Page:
Breastfeeding makes you thirsty. I guess pumping is the same. I drank a lot of water. I spent a lot of time in the bathroom. I don’t know when exactly I noticed it, but it kept happening — whenever I went to pee, Amy followed me. She walked me to the toilet, then turned around and faced the door. She was guarding me. She was making sure I was okay.
This went on for several days. I never really kept track; it just became part of our routine. And when my cousins invited me to San Diego, I asked if I could bring Amy. She was one of my strongest comforts in those dark days.
For the next year, I treasured her and Saki. They moved with me to California, explored a different part of a once-familiar state. They were part of what kept me grounded and present. I am so thankful for my time with them. They were my everything.
In August of 2018, I took Amy camping. It was inland, and much hotter there than on the coast. In the afternoon, I opened the tent to find Amy sleeping so deeply, I immediately assumed the worst. She was just tired, though. She was already sixteen.
I think back, now, to the last moments with Ewok. She was so active and happy until her last days. She had kidney problems at the end, and had been back and forth to the vet. I was probably overly hopeful she would be okay. But when I woke up one morning, she had thrown up all over the front hallway. We had been feeding her chicken soup, and she couldn’t keep it down. That morning, she looked up at me and her eyes said, “No more.” She told us it was time.
Amy never had one of those days. I may have held on too long; I really don’t know. We came home from camping, and she seemed like her normal self again. She had grown a little slower, but I put that down to old age.
One morning, while out on her morning walk, she threw up unexpectedly and started turning in circles. I thought maybe she had had a stroke. I rushed her to the vet, hoping for a miracle. Even at 16 years, it was still too soon. I wasn’t ready for her to die.
After many tests and specialists, I still don’t know what exactly was wrong. She was severely anemic and she had a mass on her spleen, but they don’t think it was cancer. It wasn’t a tick-borne illness, which had worried me after camping. She was just tired, and she lost so much weight the vet told me to feed her anything she would keep down. She finally got all the junk food of every dog’s dreams.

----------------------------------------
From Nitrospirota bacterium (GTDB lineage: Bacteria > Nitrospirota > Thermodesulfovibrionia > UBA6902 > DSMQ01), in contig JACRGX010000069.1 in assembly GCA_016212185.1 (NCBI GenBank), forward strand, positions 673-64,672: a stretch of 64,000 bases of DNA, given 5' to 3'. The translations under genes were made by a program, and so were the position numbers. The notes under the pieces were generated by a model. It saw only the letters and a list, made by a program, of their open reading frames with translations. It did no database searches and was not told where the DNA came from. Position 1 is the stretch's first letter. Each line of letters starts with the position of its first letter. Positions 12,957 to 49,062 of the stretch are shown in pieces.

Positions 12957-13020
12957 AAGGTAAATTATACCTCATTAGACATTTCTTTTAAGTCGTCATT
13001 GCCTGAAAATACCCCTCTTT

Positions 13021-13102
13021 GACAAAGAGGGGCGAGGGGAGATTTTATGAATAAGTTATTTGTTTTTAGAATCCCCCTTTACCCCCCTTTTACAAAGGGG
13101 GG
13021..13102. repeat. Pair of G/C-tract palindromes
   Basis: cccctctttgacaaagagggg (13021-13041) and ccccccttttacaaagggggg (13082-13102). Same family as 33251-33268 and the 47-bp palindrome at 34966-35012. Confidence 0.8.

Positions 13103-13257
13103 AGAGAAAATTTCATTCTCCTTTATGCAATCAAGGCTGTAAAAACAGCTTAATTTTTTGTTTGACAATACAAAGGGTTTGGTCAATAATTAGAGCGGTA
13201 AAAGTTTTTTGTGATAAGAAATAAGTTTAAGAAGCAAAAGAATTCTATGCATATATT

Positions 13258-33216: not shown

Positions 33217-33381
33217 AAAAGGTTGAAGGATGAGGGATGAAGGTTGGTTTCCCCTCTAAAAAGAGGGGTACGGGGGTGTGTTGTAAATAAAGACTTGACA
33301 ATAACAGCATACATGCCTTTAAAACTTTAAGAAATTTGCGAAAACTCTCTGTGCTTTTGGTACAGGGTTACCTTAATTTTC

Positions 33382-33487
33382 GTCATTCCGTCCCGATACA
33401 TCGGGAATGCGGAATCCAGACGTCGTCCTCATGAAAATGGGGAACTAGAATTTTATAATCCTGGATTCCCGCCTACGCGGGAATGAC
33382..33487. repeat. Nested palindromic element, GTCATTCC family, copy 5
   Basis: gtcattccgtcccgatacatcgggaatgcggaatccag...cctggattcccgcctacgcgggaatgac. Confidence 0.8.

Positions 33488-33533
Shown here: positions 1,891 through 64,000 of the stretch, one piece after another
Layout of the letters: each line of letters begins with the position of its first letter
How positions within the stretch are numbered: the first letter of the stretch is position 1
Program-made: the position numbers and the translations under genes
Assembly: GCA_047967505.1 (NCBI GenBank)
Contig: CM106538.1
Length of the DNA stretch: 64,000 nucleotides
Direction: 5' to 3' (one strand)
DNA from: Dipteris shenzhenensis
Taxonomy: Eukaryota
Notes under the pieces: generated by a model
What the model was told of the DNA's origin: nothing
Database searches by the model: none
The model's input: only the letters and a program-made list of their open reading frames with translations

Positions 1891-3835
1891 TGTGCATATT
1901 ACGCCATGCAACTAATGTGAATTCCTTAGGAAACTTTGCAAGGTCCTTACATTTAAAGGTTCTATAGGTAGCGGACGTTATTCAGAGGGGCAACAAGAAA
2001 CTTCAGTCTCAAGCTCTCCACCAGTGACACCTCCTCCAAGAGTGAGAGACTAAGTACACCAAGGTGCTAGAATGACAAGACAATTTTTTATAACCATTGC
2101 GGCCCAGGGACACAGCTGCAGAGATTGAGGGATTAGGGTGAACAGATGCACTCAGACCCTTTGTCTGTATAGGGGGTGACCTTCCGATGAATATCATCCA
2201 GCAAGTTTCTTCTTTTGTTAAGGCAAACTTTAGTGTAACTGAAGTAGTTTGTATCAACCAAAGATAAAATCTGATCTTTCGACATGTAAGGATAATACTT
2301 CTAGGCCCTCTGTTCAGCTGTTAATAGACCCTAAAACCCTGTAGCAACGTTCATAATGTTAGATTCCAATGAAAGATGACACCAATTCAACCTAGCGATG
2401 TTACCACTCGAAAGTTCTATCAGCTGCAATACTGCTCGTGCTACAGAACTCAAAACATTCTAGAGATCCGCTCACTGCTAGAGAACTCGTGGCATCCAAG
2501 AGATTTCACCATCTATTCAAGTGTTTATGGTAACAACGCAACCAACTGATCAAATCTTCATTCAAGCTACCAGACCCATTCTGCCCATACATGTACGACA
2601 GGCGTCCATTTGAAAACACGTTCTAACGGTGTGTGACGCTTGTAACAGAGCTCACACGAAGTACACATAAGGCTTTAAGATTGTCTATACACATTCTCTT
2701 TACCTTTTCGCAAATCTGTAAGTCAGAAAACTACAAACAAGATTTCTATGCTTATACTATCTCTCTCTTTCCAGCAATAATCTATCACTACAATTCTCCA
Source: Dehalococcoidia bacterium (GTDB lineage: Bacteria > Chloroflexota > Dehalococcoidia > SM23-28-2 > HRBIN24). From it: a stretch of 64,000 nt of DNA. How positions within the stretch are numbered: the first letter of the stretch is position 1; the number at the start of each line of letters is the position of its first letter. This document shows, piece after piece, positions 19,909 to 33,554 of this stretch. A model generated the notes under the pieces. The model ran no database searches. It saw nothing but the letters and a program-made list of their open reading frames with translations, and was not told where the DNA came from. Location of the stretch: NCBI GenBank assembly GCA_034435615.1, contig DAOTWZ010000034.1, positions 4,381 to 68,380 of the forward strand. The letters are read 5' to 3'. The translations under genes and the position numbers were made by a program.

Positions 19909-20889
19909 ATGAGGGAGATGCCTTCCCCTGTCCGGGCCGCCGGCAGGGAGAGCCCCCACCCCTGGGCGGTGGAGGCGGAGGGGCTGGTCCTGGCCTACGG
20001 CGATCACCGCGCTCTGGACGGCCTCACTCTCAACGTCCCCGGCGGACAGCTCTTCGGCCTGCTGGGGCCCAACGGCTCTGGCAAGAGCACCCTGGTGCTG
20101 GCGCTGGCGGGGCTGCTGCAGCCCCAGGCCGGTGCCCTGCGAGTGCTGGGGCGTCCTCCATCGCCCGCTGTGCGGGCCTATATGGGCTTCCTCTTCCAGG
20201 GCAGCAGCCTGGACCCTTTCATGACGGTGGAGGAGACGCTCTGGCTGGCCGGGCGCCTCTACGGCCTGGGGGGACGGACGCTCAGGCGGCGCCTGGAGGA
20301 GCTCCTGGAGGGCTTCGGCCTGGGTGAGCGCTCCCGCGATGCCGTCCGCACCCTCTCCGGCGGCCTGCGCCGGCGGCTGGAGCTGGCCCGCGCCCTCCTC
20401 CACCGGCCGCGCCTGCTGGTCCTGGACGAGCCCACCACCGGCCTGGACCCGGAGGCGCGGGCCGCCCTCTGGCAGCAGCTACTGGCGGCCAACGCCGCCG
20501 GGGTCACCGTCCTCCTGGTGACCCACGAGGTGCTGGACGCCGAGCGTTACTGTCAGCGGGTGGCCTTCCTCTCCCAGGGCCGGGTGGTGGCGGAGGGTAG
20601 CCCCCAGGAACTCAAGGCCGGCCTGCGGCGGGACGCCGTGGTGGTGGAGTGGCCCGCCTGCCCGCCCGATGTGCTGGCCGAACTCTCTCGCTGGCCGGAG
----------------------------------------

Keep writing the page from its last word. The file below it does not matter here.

We kept her alive for a month. She was on steroids for appetite, and immunosuppressants to protect the last of her red blood. Her body was attacking itself. There was no way to win.
I drove her to the specialist on a Tuesday. It was the day after my insemination, and I didn’t yet know I was on my way to being pregnant with my second child. I could only think of Amy, and how she had been so tired she couldn’t muster the energy to leave the cocoon of blankets on the bed to eat or even to pee. She had even refused water. I wasn’t ready to say another goodbye.
I walked into the hospital, cuddling Amy like a baby. I still held hope there was something they could do. They took her back, and I was waiting. And then they were telling me it was time, and I still wasn’t ready. And it hit me all over again — the painful futility. And how much she needed me, with no voice of her own.
I had called someone to be with me. I wasn’t strong this time. There’d been too much death; I couldn’t bear it. He held me, and let me cry. We got Amy to drink some water. I told her all the things I’d never said. I told her I was grateful.
I’d read somewhere some owners aren’t physically present at the end. They make the vet do it alone, and I will never understand. Because the first thing I asked, when he brought the syringe, was if I could hold her. I needed her to know how much she meant to me.
So I held her, and he held me, and together we said goodbye. And with the first injection, Amy looked up and licked my face. And then the second came, and it was so sudden, her tongue was caught outside her mouth, and her eyes were frozen, and then she was gone.
I tried to write about her immediately after that day. Writing was my comfort, but the words just didn’t flow. All I could think of was the emptiness, and the way I looked for her upon coming home each day. It never quite seemed real. And I just missed her. And I missed my son.
It wasn’t very much later that I found out I was pregnant. The signs all came early, and the next week, I took a test. And I still don’t know how to reconcile both the love and pain I feel. I am both thankful, and I’m hurting. And I’m thinking about that one day —
One day, I went to the clinic, happy and hopeful and ready for life. And the next, I had to learn — again — how to say goodbye. But for one day, in between, my daughter and Amy shared space in my life. And that one day is so very special to me.
Amy died on 11 September 2018. Three days earlier, a litter of beagle puppies was born. And in November, once again heartbroken and also hopeful, I picked up the tiniest of the bunch. He was cute and rambunctious, and he has since then eaten my favorite shoes and in all ways turned my life upside down.
He’s not Amy. My daughter is not my son. And that’s alright. They are all loved.
Miranda Hernandez is a writer and mother to two children: Adrian James, who was stillborn at term, and his living sister, “Peanut”. Miranda writes about stillbirth, life after loss, and normalization of grief at https://adrianjameshernandez.com.